NAPSNet Daily Report 17 November, 1998

Recommended Citation

"NAPSNet Daily Report 17 November, 1998", NAPSNet Daily Report, November 17, 1998,


I. United States

II. Republic of Korea

III. Russian Federation

I. United States


1. US War Plan for DPRK

The Global Beat (Richard Halloran, “NEW WARPLAN CALLS FOR INVASION OF NORTH KOREA,” 11/14/98) reported that an unnamed senior US official said that US and ROK military commanders are completing a new war plan that, if hostilities broke out on the Korean peninsula, would abolish the DPRK as a functioning state and reorganize the country under ROK control. The official stated, “When we’re done, they will not be able to mount any military activity of any kind. We will kill them all.” The article said that previous US and ROK war plans called only for stopping a DPRK invasion. US officials said that the new war plan was being devised because of fear that deteriorating conditions in the DPRK military might cause it to strike out in desperation. One US officer stated, “They may figure ‘use it or lose it.'” The new war plan must be presented to the US Joint Chiefs of Staff in Washington and the ROK Ministry of Defense here for approval before it goes into effect. The article pointed out that most US reinforcements for such an action would pass through Japan, which would test new US-Japan defense guidelines. Even without the defense guidelines, however, the US has the right to move troops, weapons, and supplies through Japan to Korea because US forces in the ROK are under the UN Command. The UN Rear Command has remained stationed at Camp Zama, southwest of Tokyo, since the Korean War. US officials declined to say whether the US and the ROK would seek to deter the DPRK by presenting the outlines of the plan in the general officer talks in Panmunjom. [Full text]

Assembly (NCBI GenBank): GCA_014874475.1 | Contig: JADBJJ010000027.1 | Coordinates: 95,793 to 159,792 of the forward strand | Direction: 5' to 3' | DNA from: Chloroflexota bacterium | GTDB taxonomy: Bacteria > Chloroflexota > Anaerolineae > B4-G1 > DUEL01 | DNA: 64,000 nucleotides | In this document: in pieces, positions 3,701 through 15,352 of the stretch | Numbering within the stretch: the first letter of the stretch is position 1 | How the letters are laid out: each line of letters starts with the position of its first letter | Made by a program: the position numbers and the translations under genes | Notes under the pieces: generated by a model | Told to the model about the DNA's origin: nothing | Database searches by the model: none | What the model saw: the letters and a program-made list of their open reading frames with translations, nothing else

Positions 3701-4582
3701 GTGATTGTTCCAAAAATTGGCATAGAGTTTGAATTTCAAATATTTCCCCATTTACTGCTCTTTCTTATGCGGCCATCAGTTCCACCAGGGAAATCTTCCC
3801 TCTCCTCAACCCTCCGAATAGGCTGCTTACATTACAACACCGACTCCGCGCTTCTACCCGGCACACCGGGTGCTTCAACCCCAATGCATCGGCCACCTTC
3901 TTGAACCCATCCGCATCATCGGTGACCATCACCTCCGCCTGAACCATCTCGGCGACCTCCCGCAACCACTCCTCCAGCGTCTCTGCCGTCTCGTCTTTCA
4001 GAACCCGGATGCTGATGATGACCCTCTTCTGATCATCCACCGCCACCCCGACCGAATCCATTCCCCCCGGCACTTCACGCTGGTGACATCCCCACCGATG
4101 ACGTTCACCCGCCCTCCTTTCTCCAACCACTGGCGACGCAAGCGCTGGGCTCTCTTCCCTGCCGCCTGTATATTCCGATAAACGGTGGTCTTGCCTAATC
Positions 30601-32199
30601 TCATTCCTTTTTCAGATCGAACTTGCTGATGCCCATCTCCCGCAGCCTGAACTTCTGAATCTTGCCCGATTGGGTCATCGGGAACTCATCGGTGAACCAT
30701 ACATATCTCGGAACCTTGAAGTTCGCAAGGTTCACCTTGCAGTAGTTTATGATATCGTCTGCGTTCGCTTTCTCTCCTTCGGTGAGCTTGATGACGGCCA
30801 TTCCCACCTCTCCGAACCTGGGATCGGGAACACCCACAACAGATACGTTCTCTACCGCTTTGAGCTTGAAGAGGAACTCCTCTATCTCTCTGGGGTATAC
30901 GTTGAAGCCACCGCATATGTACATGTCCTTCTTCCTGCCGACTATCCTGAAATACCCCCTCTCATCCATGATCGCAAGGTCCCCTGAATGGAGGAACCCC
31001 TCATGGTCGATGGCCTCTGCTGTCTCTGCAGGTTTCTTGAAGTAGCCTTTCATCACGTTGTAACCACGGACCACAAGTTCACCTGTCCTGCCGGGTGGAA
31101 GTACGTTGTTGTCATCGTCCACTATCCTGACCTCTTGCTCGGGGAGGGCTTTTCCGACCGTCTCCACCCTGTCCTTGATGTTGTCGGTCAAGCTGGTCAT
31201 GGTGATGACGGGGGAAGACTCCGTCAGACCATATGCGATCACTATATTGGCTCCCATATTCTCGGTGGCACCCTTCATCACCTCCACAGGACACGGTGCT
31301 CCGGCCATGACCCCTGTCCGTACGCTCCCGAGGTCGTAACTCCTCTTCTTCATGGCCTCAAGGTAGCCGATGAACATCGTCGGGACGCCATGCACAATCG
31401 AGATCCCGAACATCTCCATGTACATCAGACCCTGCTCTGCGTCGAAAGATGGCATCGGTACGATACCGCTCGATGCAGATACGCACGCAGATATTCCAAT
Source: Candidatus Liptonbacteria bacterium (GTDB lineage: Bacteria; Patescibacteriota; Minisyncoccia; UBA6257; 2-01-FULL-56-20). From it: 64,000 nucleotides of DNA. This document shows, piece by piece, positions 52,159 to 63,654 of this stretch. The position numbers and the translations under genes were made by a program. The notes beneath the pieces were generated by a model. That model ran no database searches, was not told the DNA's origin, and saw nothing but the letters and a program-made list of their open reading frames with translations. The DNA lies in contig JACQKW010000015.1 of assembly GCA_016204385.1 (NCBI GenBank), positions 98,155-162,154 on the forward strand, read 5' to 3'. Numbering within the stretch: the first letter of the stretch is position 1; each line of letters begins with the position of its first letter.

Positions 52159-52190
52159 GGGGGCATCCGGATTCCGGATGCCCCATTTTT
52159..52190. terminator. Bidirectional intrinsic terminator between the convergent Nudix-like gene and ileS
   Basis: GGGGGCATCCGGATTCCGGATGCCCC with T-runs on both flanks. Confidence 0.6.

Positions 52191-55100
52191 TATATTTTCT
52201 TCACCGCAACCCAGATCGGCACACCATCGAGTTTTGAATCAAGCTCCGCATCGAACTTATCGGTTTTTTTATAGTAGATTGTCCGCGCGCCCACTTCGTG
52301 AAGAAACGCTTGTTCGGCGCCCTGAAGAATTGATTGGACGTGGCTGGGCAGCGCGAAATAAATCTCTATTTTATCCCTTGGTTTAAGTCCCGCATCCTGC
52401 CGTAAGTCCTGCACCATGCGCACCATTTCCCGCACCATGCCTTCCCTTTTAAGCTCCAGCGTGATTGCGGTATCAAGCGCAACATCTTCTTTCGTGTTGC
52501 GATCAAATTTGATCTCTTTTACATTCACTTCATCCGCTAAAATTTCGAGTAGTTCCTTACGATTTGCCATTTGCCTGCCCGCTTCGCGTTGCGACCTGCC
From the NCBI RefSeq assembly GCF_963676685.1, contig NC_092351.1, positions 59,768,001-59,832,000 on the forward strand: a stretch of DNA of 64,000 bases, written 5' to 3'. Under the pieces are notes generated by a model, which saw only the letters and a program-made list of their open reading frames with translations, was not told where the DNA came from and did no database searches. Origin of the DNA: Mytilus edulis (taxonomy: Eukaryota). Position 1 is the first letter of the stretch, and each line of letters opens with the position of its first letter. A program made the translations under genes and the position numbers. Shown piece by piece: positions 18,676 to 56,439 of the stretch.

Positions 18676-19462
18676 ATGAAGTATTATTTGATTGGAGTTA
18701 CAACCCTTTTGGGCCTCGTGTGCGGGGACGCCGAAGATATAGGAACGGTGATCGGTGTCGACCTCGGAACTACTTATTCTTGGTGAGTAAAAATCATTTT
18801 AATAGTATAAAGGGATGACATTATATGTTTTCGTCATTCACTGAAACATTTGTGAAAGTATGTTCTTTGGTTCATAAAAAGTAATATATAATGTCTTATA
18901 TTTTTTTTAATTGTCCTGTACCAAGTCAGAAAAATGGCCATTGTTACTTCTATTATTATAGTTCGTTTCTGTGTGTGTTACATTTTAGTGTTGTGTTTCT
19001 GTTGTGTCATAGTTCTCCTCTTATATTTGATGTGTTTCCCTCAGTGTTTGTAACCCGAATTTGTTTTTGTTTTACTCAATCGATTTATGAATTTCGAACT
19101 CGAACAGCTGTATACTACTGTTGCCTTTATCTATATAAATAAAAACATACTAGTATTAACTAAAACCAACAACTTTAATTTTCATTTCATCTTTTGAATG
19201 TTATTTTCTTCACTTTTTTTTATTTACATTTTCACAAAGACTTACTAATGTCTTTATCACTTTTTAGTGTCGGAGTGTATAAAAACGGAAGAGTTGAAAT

2. DPRK Underground Construction

US State Department Spokesman James Rubin (“STATE DEPARTMENT NOON BRIEFING, NOVEMBER 16, 1998,” USIA Transcript, 11/16/98) said that a failure to resolve the issue of the DPRK’s underground construction would call into question the viability of the 1994 Agreed Framework. He stated, “[US] Secretary [of State Madeleine] Albright from the beginning has taken the view that this is a major problem, and that if we don’t get access to this underground facility — that means verbal assurances are not sufficient — that it will call into question the viability of the agreement.” Rubin added, “at the known declared facilities, the North Koreans are doing what they need to do to ensure that they’re not using that facility to develop a nuclear weapon material capability; [but we are] concerned about what they might do in the future at this other facility.”


3. Japanese Satellite Development

The Associated Press (“NKOREA: JAPAN MAKING SPY SATELLITES,” Tokyo, 11/17/98) reported that the DPRK’s Korean Central News Agency (KCNA) quoted the DPRK Foreign Ministry as saying on Tuesday that Japan is developing spy satellites as a first step towards launching a military conquest of Asia. The report said, “This is one more dangerous military action intended to legalize the policy of turning Japan into a military power and perfect preparations for overseas aggression.” It added, “We will not remain a passive onlooker to its military challenge, but take a powerful self-defensive measure.”


4. Korean War Biological Warfare Allegations